Re: [PATCH BUGFIX 1/3] null_blk: set a separate timer for each command

From: Paolo Valente
Date: Tue Nov 03 2015 - 04:02:28 EST

Il giorno 02/nov/2015, alle ore 17:14, Jens Axboe <axboe@xxxxxx> ha scritto:

> On 11/02/2015 07:31 AM, Paolo Valente wrote:
>> For the Timer IRQ mode (i.e., when command completions are delayed),
>> there is one timer for each CPU. Each of these timers
>> . has a completion queue associated with it, containing all the
>> command completions to be executed when the timer fires;
>> . is set, and a new completion-to-execute is inserted into its
>> completion queue, every time the dispatch code for a new command
>> happens to be executed on the CPU related to the timer.
>> This implies that, if the dispatch of a new command happens to be
>> executed on a CPU whose timer has already been set, but has not yet
>> fired, then the timer is set again, to the completion time of the
>> newly arrived command. When the timer eventually fires, all its queued
>> completions are executed.
>> This way of handling delayed command completions entails the following
>> problem: if more than one command completion is inserted into the
>> queue of a timer before the timer fires, then the expiration time for
>> the timer is moved forward every time each of these completions is
>> enqueued. As a consequence, only the last completion enqueued enjoys a
>> correct execution time, while all previous completions are unjustly
>> delayed until the last completion is executed (and at that time they
>> are executed all together).
>> Specifically, if all the above completions are enqueued almost at the
>> same time, then the problem is negligible. On the opposite end, if
>> every completion is enqueued a while after the previous completion was
>> enqueued (in the extreme case, it is enqueued only right before the
>> timer would have expired), then every enqueued completion, except for
>> the last one, experiences an inflated delay, proportional to the number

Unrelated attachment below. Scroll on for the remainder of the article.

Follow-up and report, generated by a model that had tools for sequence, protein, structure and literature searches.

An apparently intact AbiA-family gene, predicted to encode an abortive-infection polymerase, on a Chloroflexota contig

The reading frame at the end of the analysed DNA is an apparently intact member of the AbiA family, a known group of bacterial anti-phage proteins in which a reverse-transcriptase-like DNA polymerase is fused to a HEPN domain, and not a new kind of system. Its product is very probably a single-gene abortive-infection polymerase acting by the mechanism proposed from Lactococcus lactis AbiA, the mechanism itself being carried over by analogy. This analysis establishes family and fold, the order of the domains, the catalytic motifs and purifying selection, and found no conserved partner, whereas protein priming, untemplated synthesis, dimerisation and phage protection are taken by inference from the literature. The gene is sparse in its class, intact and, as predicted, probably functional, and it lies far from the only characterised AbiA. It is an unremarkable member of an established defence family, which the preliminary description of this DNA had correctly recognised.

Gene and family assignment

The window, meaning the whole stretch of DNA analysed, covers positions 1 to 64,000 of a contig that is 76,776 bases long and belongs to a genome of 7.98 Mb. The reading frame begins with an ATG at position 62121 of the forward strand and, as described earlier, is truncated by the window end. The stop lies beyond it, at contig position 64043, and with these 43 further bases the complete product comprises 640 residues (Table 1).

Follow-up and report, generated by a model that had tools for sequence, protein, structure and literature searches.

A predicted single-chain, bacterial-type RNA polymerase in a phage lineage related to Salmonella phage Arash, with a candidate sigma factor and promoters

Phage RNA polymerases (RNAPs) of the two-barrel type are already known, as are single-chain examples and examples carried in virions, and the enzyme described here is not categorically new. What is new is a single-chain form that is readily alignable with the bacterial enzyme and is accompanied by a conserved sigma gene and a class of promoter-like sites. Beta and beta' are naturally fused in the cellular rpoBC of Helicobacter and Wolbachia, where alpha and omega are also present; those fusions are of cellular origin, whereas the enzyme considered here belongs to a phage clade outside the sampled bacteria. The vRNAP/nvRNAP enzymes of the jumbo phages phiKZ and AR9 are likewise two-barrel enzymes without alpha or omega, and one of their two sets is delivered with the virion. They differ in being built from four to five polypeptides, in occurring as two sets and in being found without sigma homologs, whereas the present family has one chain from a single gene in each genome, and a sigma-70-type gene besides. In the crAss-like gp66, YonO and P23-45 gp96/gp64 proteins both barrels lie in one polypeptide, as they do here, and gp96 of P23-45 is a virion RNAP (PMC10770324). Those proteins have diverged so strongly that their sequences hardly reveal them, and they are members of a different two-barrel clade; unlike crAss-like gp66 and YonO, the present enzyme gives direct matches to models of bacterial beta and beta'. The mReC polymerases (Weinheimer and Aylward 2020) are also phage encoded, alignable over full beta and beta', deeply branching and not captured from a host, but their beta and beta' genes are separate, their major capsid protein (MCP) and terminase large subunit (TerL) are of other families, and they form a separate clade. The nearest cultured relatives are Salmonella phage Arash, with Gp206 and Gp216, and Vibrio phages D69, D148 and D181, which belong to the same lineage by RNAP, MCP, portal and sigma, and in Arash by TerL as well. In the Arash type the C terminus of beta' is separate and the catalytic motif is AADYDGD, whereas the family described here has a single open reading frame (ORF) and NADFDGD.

>> of completions enqueued after it. In the end, commands, and thus I/O
>> requests, may be completed at an arbitrarily lower rate than the
>> desired one.
>> This commit addresses this issue by replacing per-CPU timers with
>> per-command timers, i.e., by associating an individual timer with each
>> command.
> Functionally the patch looks fine. My only worry is that a timer per command would be an unnecessary slowdown compared to pushing one timer forward. The problem should be fixable by still doing that, just maintaining next-expire instead. Maybe something that would still roughly be precise enough, while still getting some completion batching going? Or maybe that would be slower, and the individual timers are still better.
> Comments?

I have tried to think about these questions. Unfortunately I was not able to go beyond the following general considerations.

Given that:
1) hrtimer_start is very efficient;
2) to implement a batch-by-batch execution of command completions, a more complex code would of course be needed in null_blk;
I think that, to get a perceptible improvement, command completions should probably be executed in batches of at least 3 or 4 commands each.

In this respect, commands can accumulate in a batch only if the time granularity with which delayed commands are guaranteed to be executed, i.e, the granularity with which timers eventually fire, happens to be coarser than completion_nsec. But this would lead to the exact uncontrolled throughput-loss problem addressed by this patch, although at a lesser extent. The reason is as follows.

Consider a batch of 3 or 4 commands, executed at a certain timer expiration. If the arrival time of these commands is close to the timer expiration, then the commands happen to be executed with a delay close to the expected one. If, on the other hand, their arrival time is far from the timer expiration, then they are completed with a larger delay. In the worst case, their delay is inflated by a factor proportional to the size of the batch, namely 3 or 4.

In the end, depending on the command arrival pattern, the throughput of the emulated device may vary by 3 or 4 times. This would be a reduced version of the issue addressed by this patch. In fact, with the current implementation of delayed completions (per-cpu timers), the throughput may vary, in the worst case, by a factor equal to the queue depth (64 by default).

Finally, a side note: as for whether the increased efficiency of batched delayed completions is worth additional code complexity as well as throughput losses/fluctuations, the low delays for which this efficiency becomes important match the latencies of new very fast devices (or are at least in the same order). But, exactly for the high speed of these devices, what typically matters (AFAIK) in tests with these devices is understanding whether the rest of the system can cope with their speed. And for this type of measures, the best/typical choice is (again, AFAIK) not to delay request completions at all in null_blk.

I hope these considerations may be somehow useful.


> --
> Jens Axboe

Paolo Valente
Dipartimento di Fisica, Informatica e Matematica
Via Campi, 213/B
41125 Modena - Italy

To unsubscribe from this list: send the line "unsubscribe linux-kernel" in
the body of a message to majordomo@xxxxxxxxxxxxxxx
More majordomo info at
Please read the FAQ at